On September 11, the U.S. Department of Labor (DOL) issued a new temporary rule interpreting the Families First Coronavirus Response Act (FFCRA), which revised and clarified several parts of its prior rule that were recently struck down by a New York federal court.

On August 3, the U.S. District Court for the Southern District of New York ruled that four parts of the DOL’s temporary FFCRA rule were invalid:

  • The requirement that FFCRA leave is only available if an employee has work from which to take leave.
  • The requirement that an employee may only take FFCRA leave intermittently with employer approval.
  • The definition of an employee who is a “health care provider” and can thus be excluded from FFCRA eligibility.
  • The statement that employees who take FFCRA leave must provide their employers with certain documentation before taking leave.

New York v. U.S. Dep’t of Labor, No. 20-CV-3020, 2020 U.S. Dist. LEXIS 137116 (S.D.N.Y. Aug. 3, 2020).

In response to the decision, the DOL issued a new temporary rule (Rule) that “reaffirms its regulations in part, revises its regulations in part, and further explains its positions.” Because the court had invalidated certain portions of the temporary rule based on a lack of explanation, the DOL reaffirmed certain provisions and provided the underlying explanation. Specifically, the Rule:

  • Reaffirms that FFCRA leave may not be taken if the employer does not otherwise have work for the employee to perform and provides an explanation for this requirement.
  • Reaffirms that employees must obtain employer approval to take FFCRA leave intermittently and provides an explanation for this requirement.
  • Amends the FFCRA’s documentation requirements to clarify that the information an employee must give his or her employer to support the need for FFCRA leave need not be given to the employer “prior to” taking leave, but rather should provide such documentation as soon as practicable.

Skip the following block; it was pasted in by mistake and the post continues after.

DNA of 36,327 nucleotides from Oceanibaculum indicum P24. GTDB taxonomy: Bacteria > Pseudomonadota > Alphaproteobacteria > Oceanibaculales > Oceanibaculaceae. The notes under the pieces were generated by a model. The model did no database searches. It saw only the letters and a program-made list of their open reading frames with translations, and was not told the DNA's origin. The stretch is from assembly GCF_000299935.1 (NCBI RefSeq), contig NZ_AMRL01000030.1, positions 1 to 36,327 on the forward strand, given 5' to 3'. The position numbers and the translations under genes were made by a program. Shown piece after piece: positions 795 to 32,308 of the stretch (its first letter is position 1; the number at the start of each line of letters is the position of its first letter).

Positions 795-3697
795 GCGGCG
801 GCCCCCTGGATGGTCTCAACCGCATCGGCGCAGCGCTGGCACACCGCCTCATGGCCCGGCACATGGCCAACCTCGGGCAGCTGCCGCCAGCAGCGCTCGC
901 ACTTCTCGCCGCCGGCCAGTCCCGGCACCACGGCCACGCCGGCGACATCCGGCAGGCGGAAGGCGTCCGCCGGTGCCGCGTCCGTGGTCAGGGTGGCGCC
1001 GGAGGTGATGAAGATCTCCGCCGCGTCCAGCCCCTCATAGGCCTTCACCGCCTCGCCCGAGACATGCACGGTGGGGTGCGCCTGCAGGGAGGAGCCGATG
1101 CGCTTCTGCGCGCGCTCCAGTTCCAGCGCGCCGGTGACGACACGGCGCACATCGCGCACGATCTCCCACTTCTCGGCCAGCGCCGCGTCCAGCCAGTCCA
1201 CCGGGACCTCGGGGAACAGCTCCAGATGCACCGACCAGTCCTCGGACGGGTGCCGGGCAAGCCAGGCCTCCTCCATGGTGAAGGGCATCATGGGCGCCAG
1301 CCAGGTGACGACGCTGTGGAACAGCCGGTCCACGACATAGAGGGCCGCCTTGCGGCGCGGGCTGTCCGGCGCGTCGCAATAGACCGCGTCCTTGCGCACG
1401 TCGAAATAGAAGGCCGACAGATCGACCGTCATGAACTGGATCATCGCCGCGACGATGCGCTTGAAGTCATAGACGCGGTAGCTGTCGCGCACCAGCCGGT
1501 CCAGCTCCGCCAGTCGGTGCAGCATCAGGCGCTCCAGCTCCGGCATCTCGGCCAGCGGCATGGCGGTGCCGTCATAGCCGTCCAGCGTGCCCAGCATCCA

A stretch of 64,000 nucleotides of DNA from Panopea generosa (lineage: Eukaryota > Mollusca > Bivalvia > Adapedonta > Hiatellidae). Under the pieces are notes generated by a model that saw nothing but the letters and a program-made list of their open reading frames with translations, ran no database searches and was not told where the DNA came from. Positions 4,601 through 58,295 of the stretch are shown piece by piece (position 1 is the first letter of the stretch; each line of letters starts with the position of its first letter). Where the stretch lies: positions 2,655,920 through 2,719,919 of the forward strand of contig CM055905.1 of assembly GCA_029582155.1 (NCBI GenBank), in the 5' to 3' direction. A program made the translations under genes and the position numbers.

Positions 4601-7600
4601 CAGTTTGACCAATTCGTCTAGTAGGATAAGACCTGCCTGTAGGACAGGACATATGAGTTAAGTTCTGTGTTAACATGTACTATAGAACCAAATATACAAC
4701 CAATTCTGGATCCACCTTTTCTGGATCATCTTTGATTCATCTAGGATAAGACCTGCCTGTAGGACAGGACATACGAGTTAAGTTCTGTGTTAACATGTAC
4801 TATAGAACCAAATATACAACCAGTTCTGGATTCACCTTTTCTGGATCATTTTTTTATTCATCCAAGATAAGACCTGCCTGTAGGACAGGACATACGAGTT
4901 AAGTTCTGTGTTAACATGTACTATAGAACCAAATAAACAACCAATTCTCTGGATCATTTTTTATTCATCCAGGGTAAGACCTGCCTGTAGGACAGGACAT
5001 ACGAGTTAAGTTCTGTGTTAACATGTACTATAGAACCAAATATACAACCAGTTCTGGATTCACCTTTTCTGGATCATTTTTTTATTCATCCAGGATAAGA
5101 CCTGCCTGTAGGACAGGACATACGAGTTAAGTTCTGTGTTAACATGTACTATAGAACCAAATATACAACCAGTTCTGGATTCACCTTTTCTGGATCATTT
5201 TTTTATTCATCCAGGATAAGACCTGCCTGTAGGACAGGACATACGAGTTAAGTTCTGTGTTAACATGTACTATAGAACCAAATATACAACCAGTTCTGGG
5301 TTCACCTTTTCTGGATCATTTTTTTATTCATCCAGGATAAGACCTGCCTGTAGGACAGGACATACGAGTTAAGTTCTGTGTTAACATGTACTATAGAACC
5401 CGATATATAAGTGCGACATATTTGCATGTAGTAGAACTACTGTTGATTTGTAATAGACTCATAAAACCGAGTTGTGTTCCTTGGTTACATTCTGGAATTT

• Revises the definition of “health care provider” under the FFCRA, which previously included anyone employed at hospitals, medical schools or other places “where medical services are provided, to mean employees who are considered health care providers under the Family and Medical Leave Act or who are employed to provide diagnostic services, preventive services, treatment services or other services that are integrated with and necessary to the provision of patient care.

It remains to be seen whether the Rule will also face legal challenges and whether the FFCRA’s regulations could be subject to additional changes. At this time, however, the Rule eliminates the uncertainty created by the August 3 court decision and provides employers with clarity as to the DOL’s position on how employers should comply with the FFCRA to provide leave to their workforces.

The Rule goes into effect on September 16 and will remain in place until December 31, 2020.